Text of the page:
You also need to plan for changes during your retirement too. With the changes in SECURE 2.0, your required minimum distributions (RMDs) from traditional retirement accounts (non-Roth accounts) will start at age 73 or 75. If most of your retirement savings are in your traditional 401k or IRA, this could have a significant impact on your taxes in retirement.

You may want to explore some tax-saving strategies which could affect other decisions you need to make. Bottom line is that RMDs can affect your retirement and create a tax burden – prepare accordingly.

Roth IRA Conversion Opportunities

There are many opportunities to save on taxes throughout retirement. However, some strategies, like Roth conversions, are best to plan and implement over time. The earlier you start, the more effective some of these strategies become.

In many cases, we help clients complete smaller Roth conversions over several years. This increases taxes a little today but can dramatically reduce your lifetime tax bill. In some cases, it could even be hundreds of thousands of dollars over your lifetime.


Legal and Estate Planning Deadlines

There aren’t really any fixed deadlines for your estate planning documents, but there’s no need to wait for an emergency to happen either. Estate planning items often get set aside in the “important-not urgent” category – and sometimes forgotten completely. It’s best to have a solid plan in place before you step into retirement.

For instance, if you have a need for life insurance but can’t qualify for affordable coverage, this could make a survivorship option on your pension more important. Survivorship options may also be unaffordable, but it’s best to know and check. This could in turn make looking into continuing or converting employer group life insurance more important.

Regardless, not planning for “the end of the plan” won’t stop it from happening. These are some choices you can’t go back to fix later. It’s best to confront these issues and make informed decisions now.

Creating or Updating Your Will and Living Will

The last thing anyone wants to do is leave in a whirlwind of confusion, pain, and heartache. Losing you will be hard enough without wondering if your wishes are being carried out. Having these tough conversations and forming the legal documents and framework to carry out your wishes is one of the best gifts you can leave behind.

Are you already enrolled in Medicare and curious if you could save money with a different plan? Check out our simple 3-step Medicare guide that could save you thousands in surprise medical bills or penalties.

Establishing a Power of Attorney and Healthcare Proxy

Proper legal documentation to carry out your medical wishes is more important than ever. With advanced technology, it’s possible your body could be kept alive for an extended amount of time – whether or not you are there mentally. This can create some exceedingly tough decisions and unnecessary financial strain for your family.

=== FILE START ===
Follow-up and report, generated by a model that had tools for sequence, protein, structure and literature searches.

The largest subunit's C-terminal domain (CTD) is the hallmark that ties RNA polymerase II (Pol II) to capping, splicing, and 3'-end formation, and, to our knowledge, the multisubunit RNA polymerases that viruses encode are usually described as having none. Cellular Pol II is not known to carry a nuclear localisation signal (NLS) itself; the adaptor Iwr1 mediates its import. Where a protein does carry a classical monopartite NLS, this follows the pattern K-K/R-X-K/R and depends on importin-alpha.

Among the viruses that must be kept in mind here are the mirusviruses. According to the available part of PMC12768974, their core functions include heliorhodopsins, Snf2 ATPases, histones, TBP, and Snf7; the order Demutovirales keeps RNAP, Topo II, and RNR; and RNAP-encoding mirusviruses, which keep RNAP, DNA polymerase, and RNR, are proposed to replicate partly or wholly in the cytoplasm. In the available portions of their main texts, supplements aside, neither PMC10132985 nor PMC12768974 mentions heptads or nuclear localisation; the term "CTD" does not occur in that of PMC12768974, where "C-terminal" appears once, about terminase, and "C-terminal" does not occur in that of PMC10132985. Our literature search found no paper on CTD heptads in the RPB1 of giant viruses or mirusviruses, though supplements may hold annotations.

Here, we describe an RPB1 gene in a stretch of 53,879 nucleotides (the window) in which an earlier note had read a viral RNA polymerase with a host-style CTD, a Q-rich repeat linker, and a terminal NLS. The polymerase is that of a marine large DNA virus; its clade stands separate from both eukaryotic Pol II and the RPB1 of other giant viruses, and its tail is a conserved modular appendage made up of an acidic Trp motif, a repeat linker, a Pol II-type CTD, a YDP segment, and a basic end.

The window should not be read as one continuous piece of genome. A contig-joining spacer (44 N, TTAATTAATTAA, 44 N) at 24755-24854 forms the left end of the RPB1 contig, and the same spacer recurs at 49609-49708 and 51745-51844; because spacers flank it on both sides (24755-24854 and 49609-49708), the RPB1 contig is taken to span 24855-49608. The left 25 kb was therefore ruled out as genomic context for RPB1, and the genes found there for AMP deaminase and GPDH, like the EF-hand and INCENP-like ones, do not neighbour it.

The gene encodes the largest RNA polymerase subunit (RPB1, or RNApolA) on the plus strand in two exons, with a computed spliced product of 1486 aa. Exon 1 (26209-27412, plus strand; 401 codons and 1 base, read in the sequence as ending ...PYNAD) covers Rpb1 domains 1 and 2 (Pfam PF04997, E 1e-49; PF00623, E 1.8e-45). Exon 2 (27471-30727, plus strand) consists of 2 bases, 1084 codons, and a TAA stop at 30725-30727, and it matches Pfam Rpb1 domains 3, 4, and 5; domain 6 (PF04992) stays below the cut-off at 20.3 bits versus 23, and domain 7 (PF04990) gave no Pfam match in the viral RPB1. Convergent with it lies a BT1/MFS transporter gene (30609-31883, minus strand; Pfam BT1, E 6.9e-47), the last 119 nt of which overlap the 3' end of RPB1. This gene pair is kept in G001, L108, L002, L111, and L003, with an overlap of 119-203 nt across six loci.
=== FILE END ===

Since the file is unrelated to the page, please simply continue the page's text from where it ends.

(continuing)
Each state has its own unique laws around advanced directives and medical power of attorney rules. Be sure to get professional guidance from a qualified estate attorney. Leave no room for doubt for your doctors or your loved ones.

Reviewing and Updating Beneficiary Designations

Even if you aren’t ready to update your estate documents, adding a transfer on death (TOD) or payable on death (POD) to your important assets and accounts can help dramatically. When your assets have proper TOD/POD designations, most of your estate can pass to heirs without going through probate.

Keep in mind that these are not a substitute for proper estate planning. They’re a great first step and useful tools. However, there are some things a TOD/POD designation just can’t do.

Building the Retirement Team

Overall, you’ll need to build your retirement plan and have a team to help make your retirement a homerun. You’re the star player, but getting solid advice and services from a financial planner, estate attorney, CPA, and other professionals will give you peace of mind.

More importantly, you’ll save yourself a whole lot of time, money, and heartache. Contact NextGen Wealth today for your free financial assessment and see how we can help you build your dream retirement.

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About the Author

Aurtho Clint Haynes, CFPThis article was written by Clint Haynes, CFP®. Clint is a Certified Financial Planner® and Founder of NextGen Wealth. You can learn more about Clint by reading his full bio here.